Winnipeg Free Press - PRINT EDITION

'Potholes' can get in health's way

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It seems as though I have been writing a number of seasonal articles in anticipation of spring, yet sadly, spring has not yet sprung. So this week, in lieu of anger management — another suitable topic considering our elongated winter 'bliss' — let's shift our focus to something quite well-known to Winnipeggers: 'potholes.' Potholes, that is, on our road to optimal health.

With a new season (whenever it comes), many look to "spring-clean" their health. Despite best efforts, hidden potholes of misinformation can throw people off course and at best, slow their journey on the road to renewed vitality.

By exploring some of the common pitfalls, you can speed up your progress to your destination, and set yourself up for a smooth ride along the way.

 

Artificial sweeteners

Of course we've heard it's all about calories in, calories out, right? Wrong. There's more pieces to the puzzle of weight loss. Artificial sweeteners, such as sucralose, acesulfame-potassium and aspartame (and their brand-name counterparts, with which you may be most familiar) cause your mouth to taste sweet without the calories. However, the pitfall here is your brain is not fooled, and is expecting those sweet calories to come. Your brain will then drive you to eat even more sugar. Studies on artificial sweeteners show people actually gain more weight than if they consumed sugar outright.

Sucralose -- the most popular sweetener on the market -- can be especially detrimental to weight gain. It has been linked to low thyroid function.

Instead, temper your taste buds by choosing healthy foods that contain natural sugars, such as fruits. Alternatively, you can add flavour with cinnamon, vanilla extract, unsweetened coconut flakes and when needed, the herbal stevia to best support that sweet need.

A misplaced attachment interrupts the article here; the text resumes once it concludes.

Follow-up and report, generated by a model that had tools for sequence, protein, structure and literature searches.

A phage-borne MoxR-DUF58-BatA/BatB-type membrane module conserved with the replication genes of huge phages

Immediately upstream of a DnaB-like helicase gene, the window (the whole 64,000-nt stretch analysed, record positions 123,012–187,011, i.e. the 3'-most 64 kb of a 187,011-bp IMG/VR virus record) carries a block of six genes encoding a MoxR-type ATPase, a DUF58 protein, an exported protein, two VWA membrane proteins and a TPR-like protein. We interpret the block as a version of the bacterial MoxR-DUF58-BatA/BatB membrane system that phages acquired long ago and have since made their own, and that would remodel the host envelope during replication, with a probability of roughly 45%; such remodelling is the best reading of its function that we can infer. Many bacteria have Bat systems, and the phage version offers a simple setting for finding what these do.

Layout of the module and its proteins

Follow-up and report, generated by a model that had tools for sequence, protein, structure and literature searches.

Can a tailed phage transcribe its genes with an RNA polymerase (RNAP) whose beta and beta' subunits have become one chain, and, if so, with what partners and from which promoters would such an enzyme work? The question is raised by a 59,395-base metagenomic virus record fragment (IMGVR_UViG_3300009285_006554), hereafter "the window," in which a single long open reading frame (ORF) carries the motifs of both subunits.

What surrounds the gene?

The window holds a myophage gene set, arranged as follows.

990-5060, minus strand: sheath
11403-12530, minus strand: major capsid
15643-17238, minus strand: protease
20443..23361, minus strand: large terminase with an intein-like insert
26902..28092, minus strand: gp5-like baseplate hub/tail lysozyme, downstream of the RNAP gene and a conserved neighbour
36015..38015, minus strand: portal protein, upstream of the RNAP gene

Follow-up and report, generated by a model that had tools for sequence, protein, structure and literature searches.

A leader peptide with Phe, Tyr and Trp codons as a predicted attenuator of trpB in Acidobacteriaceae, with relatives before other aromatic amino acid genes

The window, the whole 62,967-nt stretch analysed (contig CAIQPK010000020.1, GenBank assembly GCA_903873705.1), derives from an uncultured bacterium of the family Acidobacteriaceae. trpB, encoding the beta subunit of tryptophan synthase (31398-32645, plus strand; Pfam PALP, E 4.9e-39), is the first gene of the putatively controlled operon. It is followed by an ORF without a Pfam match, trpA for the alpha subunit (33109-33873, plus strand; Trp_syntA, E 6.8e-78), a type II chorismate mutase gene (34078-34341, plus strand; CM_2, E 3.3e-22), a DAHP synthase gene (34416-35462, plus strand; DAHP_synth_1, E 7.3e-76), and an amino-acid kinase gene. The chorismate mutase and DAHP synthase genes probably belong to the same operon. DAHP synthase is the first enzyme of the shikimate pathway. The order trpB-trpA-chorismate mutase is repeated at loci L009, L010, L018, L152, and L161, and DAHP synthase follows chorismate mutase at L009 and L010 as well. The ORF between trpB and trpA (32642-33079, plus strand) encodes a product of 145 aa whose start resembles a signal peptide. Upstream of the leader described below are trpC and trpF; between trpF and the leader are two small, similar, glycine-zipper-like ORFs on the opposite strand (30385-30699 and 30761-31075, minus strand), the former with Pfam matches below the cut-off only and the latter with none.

Drinking water -- at the wrong times

Do you make sure to have that big glass of water before meals? If so, you might want to think again. Filling up on fluids before eating dilutes your digestive enzymes and stomach acid. Not only does this lead to uncomfortable bloating (which fills you up temporarily), but it impairs the absorption of nutrients and the health of your digestive tract. Long-term, your body will crave more to replenish its nutrient needs, causing you to overeat. That is, if the disturbance in the gut flora doesn't cause you to gain the weight first.

The alternative: Continue drinking ample water between -- not before or during -- meals. To further aid digestion, add a squeeze of fresh lemon juice. And instead of water, fill up on fibre-rich leafy greens to boost your antioxidant intake, supporting your metabolism and elimination of wastes.

 

Fat phobia

Fats contain the highest amount of calories per mass, nine calories per gram, versus four calories per gram of protein or carb. However, fats have a special place in filling your health potholes: satiation. Not only are they the most satisfying food group, but they have myriad benefits on your body's insulin response and eating behaviour. A common mistake is focusing only on calories at the expense of fat. Eating an apple is good, but eating an apple with some nuts or cheese may be better. The apple alone, although healthy, will cause a sharper rise and fall of glucose, triggering cravings for another snack. The addition of nuts will slow this sugar spike and leave you fuller for longer, while providing your body with brain-calming fatty acids.

Also, if your body is craving fatty foods, you'd best pay attention. This may be a sign of your need for essential fatty acids, most commonly in the form of omega-3s.

Spring weather is almost here... or so I keep telling myself. In any case, now is the time to think of filling those potholes for our health, so we'll be travelling at full speed come summer. What a glorious month that will be.

 

Tara Maltman-Just is the executive clinician and licensed pharmacist at Vitality Integrative Medicine in Winnipeg.

www.vitalityintegrativemedicine.com

Republished from the Winnipeg Free Press print edition March 30, 2014 A7

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